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Pulse Check – Quarterly Report for January to March 2015

Pulse CheckEvery quarter, I recap the past, present, and future of my personal journey and the voyage of Value of Simple.

This “Pulse Check” is intended to be an honest, transparent, and (hopefully) inspiring assessment of where I've been and where I'm going.

Are you ready for the Pulse Check from January to March 2015?

How to Be Intentionally Busy

In my last Pulse Check, I said that the first three months of 2015 were going to be busier than I normally like.

Why? You'll see in a moment.

But with all my “Let's just slow down, folks!” talk and “There are better things to be than busy” chatter lately, I want to clarify something (maybe just for my own sake).

It's OK to have a lot going on – at least for a while. Periodic cycles of heightened, purposeful action are just dandy if, in the long run, we remove the excess to make room for the important.

I had some unfinished business from 2014, plus some heavy action for 2015 that I committed to last year, which is why I set my ship full steam ahead. For example, there were portions of the original Experience Curating version – sometimes even whole chapters – that were gnawing at me. So I resumed work with the best idea architect I know, Erin Kurup, and did another round of book edits.

The results? Murky concepts are now clear and actionable. People are really integrating Experience Curating into their daily lives. And I've converted at least a few people into Excel fan(atic)s. It's definitely worth celebrating.

Other Experience Curating grooviness included my talk in March at South by Southwest called, “Beyond Marketing: How Curation Will Work for You.” The simple message was this:

If we limit curating to ‘content,' then we then we limit the potential of the universe outside of it.

The presentation was peachy, but the real event highlights were meetups with community managers, Burning Man enthusiasts, mindfulness seekers, and librarians. (Yes, librarians. I love their mindset and quirks).

Prepping for my SXSW talk also dovetailed with publishing the first edition of The Experience Curator, now with 100% fewer spreadsheets and 73.29% more block quotes.

Speaking of block quotes …

The Experience Curator is a periodic series giving you the most fascinating, exceptional, or fun moments from 5,000 BCE through today. From online content to offline stories to tantalizing tidbits, there's plenty here to resonate with anyone.

There's more Experience Curating schweetness ahead, but I'm fully transitioning back to my hottest passion, SimpleREV. Ohhhh, simple-living and community-building. How I've missed you!

Our SimpleREV Brain Trust has been planning our second community event for October 2-3 in Minneapolis, MN and – bang! – we're off to a fast start. For instance:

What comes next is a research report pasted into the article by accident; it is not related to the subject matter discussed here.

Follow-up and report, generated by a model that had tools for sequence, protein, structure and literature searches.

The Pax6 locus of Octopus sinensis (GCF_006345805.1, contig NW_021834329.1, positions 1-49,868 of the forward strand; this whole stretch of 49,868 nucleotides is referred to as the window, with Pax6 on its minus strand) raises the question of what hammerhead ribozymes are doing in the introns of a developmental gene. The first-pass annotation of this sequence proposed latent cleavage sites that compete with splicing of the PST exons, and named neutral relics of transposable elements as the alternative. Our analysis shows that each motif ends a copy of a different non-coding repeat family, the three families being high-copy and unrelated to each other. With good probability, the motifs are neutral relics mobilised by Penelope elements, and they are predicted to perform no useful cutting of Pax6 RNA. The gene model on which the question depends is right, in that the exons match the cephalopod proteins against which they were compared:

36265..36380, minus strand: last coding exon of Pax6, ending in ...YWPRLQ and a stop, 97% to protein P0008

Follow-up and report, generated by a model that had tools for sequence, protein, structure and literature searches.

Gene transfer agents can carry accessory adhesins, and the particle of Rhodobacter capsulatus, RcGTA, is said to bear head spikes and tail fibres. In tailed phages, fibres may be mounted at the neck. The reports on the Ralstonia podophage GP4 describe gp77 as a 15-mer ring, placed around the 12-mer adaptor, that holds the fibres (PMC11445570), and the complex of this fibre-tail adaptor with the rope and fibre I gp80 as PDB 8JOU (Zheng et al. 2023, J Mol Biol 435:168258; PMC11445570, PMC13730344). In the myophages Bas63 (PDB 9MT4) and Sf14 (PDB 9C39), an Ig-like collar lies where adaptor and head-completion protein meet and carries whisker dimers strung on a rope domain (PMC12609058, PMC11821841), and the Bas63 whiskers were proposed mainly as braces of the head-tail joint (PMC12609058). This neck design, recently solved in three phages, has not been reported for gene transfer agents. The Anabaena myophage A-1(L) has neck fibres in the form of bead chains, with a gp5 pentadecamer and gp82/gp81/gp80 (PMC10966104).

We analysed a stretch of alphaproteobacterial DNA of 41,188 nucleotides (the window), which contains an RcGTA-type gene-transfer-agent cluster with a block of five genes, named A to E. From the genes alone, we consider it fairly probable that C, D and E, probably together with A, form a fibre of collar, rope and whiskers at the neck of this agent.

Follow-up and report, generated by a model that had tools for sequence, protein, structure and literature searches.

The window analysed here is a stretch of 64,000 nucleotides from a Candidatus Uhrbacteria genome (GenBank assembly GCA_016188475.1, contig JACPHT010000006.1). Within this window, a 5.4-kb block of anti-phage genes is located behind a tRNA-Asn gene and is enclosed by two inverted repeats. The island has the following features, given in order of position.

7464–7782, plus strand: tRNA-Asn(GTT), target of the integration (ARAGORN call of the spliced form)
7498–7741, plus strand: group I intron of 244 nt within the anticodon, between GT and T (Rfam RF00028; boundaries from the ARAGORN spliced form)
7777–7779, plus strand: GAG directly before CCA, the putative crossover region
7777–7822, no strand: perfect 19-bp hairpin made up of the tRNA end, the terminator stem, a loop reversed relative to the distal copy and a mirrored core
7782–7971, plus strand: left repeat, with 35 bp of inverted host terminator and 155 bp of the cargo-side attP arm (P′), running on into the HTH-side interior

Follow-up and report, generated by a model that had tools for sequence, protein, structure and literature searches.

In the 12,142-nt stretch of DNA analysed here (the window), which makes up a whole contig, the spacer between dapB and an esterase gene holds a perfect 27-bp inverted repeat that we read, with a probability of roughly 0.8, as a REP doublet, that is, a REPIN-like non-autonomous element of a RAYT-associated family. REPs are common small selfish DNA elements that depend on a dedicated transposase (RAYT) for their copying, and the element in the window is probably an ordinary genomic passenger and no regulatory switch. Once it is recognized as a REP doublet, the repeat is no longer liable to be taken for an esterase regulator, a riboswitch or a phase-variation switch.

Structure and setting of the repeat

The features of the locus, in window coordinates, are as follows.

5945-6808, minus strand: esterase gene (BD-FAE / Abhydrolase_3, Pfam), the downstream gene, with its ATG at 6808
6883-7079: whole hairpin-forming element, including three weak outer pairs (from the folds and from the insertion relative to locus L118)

• Joshua Becker, Marc and Angel Chernoff, Farnoosh Brock, and Donnie Maclurcan lined up as prominent participants? Check.
  • McNamara Alumni Center booked, fair-trade and organic beverages sourced, and detailed agenda drafted? Awww yeah!
  • Bonus SimpleREV local gathering training and fun surprises planned? Bada bing!

I dig fantastic folks coming to my town to get our simplicity on, but I'm more focused on bringing SimpleREV to their town. That's where the SimpleREV local gathering infrastructure comes in, especially with the host “field kit” we're crankin' on.

(By the way, subscribe to the SimpleREV email newsletter if you'd like to host or participate in a free, intimate gathering in your community.)

As a multi-passionate dude, you know it's not all Experience Curating, SimpleREV, and Excel over here. I continue to experiment with my morning rituals and have meditation, visualization, and promises (my version of affirmations) locked-in.

Now I'm working to add bodyweight exercises, intermittent fasting, and maybe even the occasional practicing dying session into the mix … all before my little guys, Grant and Clark, start stirring. It's hard, but as I say in the podcast episode on my morning rituals, I do it because it's challenging.

Home life continues to be rad – a rather easy and organic thing since my wife, Melinda, is a prominent presence – and I'm stoked to get my boys outside more without spending half the day bundling them up.

I will, however, miss walking on frozen lakes or seeing Grant ice skate for the first time on one.

Grant's First Ice Skating Attempt

And now that I've (mostly) recovered from my Wisconsin Badgers losing to the Duke Blue Devils in the NCAA Basketball Tournament Championship game, let's move on to the numbers.

The Numbers

A lot of people are interested in the stats behind Value of Simple. I am too because it helps me understand what's working, what's failing, and what I need to emphasize in the future.

But more than that, being upfront with you and sharing these numbers lets me display some core values of candor, vulnerability, and accountability. The more you know about this refuge of simplicity, the more you know whether this community is a place you want to be.